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analytic philosophy as a cautionary tool

After my twitter thread on Adichie took off last week, there were a few comments as it got retweeted that stuck out in my mind. Two key words come to mind: ‘humane’ and ‘clear’. More than a few people appreciated my perspective as a logician/philosopher, feeling that it brought a level of clarity to the ‘conversation’. One person, further, added that the thread was one of the most ‘humane’ they’d ever seen on twitter. Since then, that word especially has been bouncing around in my head.

To me, as what one might also call a ‘comparative philosopher’ since I studied a non-white philosophical tradition while I was in school (the Chinese tradition), such statements are alarming to me. The type of analysis I used in that thread isn’t very interesting or novel, at least not to me. Its pretty vanilla analytical philosophy.

For those who don’t know:

The school of analytic philosophy has dominated academic philosophy in various regions, most notably Great Britain and the United States, since the early twentieth century…Additionally, Russell believed that the grammar of natural language often is philosophically misleading, and that the way to dispel the illusion is to re-express propositions in the ideal formal language of symbolic logic, thereby revealing their true logical form. Because of this emphasis on language, analytic philosophy was widely, though perhaps mistakenly, taken to involve a turn toward language as the subject matter of philosophy, and it was taken to involve an accompanying methodological turn toward linguistic analysis. Thus, on the traditional view, analytic philosophy was born in this linguistic turn.1

Essentially, analytical philosophy rests heavily on formal logical and linguistic analysis, which is basically all I did in my twitter thread.

As I’m trained in philosophy, this is the methodology I’m most familiar and comfortable with. It comes easily to me. So the type of analysis that comes with teasing out the assumptions in other people’s arguments is what I do. Analyzing the language they use and drawing out the implications is what I do. Looking at their argument and figuring out the overall structure, the form, is what I do.

For some (like me) this is a handy tool.

It’s funny. When I was a wee baby undergrad and still an english major, I remember when the reqs changed for the degree and the option opened up to take logic and a friend told me that I wouldn’t like it. So I didn’t take it until I transferred to UBC and switched my major to Chinese. And then… it turned out that I loved it, lol. Not necessarily the math parts, which were fine, but I didn’t truly fall in love until my third logic class, non-classical logics, which was focused more on the philosophy side and I was gone…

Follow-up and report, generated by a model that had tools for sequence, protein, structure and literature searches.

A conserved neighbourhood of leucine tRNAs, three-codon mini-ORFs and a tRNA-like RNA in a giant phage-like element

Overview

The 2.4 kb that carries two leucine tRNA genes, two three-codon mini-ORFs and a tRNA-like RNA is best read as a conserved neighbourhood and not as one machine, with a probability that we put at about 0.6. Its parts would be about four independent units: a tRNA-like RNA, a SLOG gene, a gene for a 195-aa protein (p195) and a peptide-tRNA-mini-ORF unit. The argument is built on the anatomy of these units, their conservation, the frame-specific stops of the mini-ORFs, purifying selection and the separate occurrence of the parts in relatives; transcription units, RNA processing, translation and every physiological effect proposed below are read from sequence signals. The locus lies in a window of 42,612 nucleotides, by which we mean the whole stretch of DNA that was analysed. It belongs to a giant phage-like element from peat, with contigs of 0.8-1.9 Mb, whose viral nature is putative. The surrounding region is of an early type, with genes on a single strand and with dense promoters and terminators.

Anyway. My little autistic brain absolutely latched onto the meta-level of analysis that philosophical logic demanded and I’ve been riding that wave ever since.

It’s not for everyone though. And its not the only kind of analysis that matters.

While the Adichie thing was happening, I certainly wasn’t even close to the most important voice. I follow many Black trans women who were tweeting great, insightful things. Many of which were emotional, intellectual, and just… awesome.

Which is why the particular word ‘humane’ really troubles me. Why was my thread the most humane, not only this topic, but on many other topics?

This methodology is one that was created by crusty dead white men. It, like all things, has a particular context, history, and so forth. It didn’t help that the person who made the comment appeared to be a white man. The Black trans women I saw who were expressing a full-spectrum of human emotion had every right to every single emotion, even the so-called ‘dark’ and ‘ugly’ ones.

These tweets where human. It troubles me that people being people isn’t somehow humane. Or rather, that the human response of the injured parties isn’t being seen in a humane way.

To some extent, I realise that part of the response to my thread is that a logician’s/philosopher’s perspective is somewhat novel, particularly in the corners of the internet I inhabit.

The corners of the internet I inhabit: most of the people I know are people of colour who are marginalized in other ways beyond race. Which means that few of them have spent any time studying philosophy because philosophy departments are some of the whitest and malest spaces on any given US/Canadian campus. Which also means that the extended social networks likewise have little likelihood of having any experience with the subject.

On the other hand, because philosophy is mostly comprised of white, male bros, they usually aren’t the kind of ppl who show up in the spaces I or anyone else I know occupies. They certainly never seem to come down from their ivory tower circle jerks to give a fuck about the rest of the world, so….

All of which is to say. Analytical philosophy is a tool. One forged by crusty dead white men and usually wielded by other white men. Be wary of treated is as something necessarily better than any other methodology available.

  1. “Analytic Philosophy,” Aaron Preston. The Internet Encyclopedia of Philosophy, ISSN 2161-0002, http://www.iep.utm.edu/. March 19, 2017.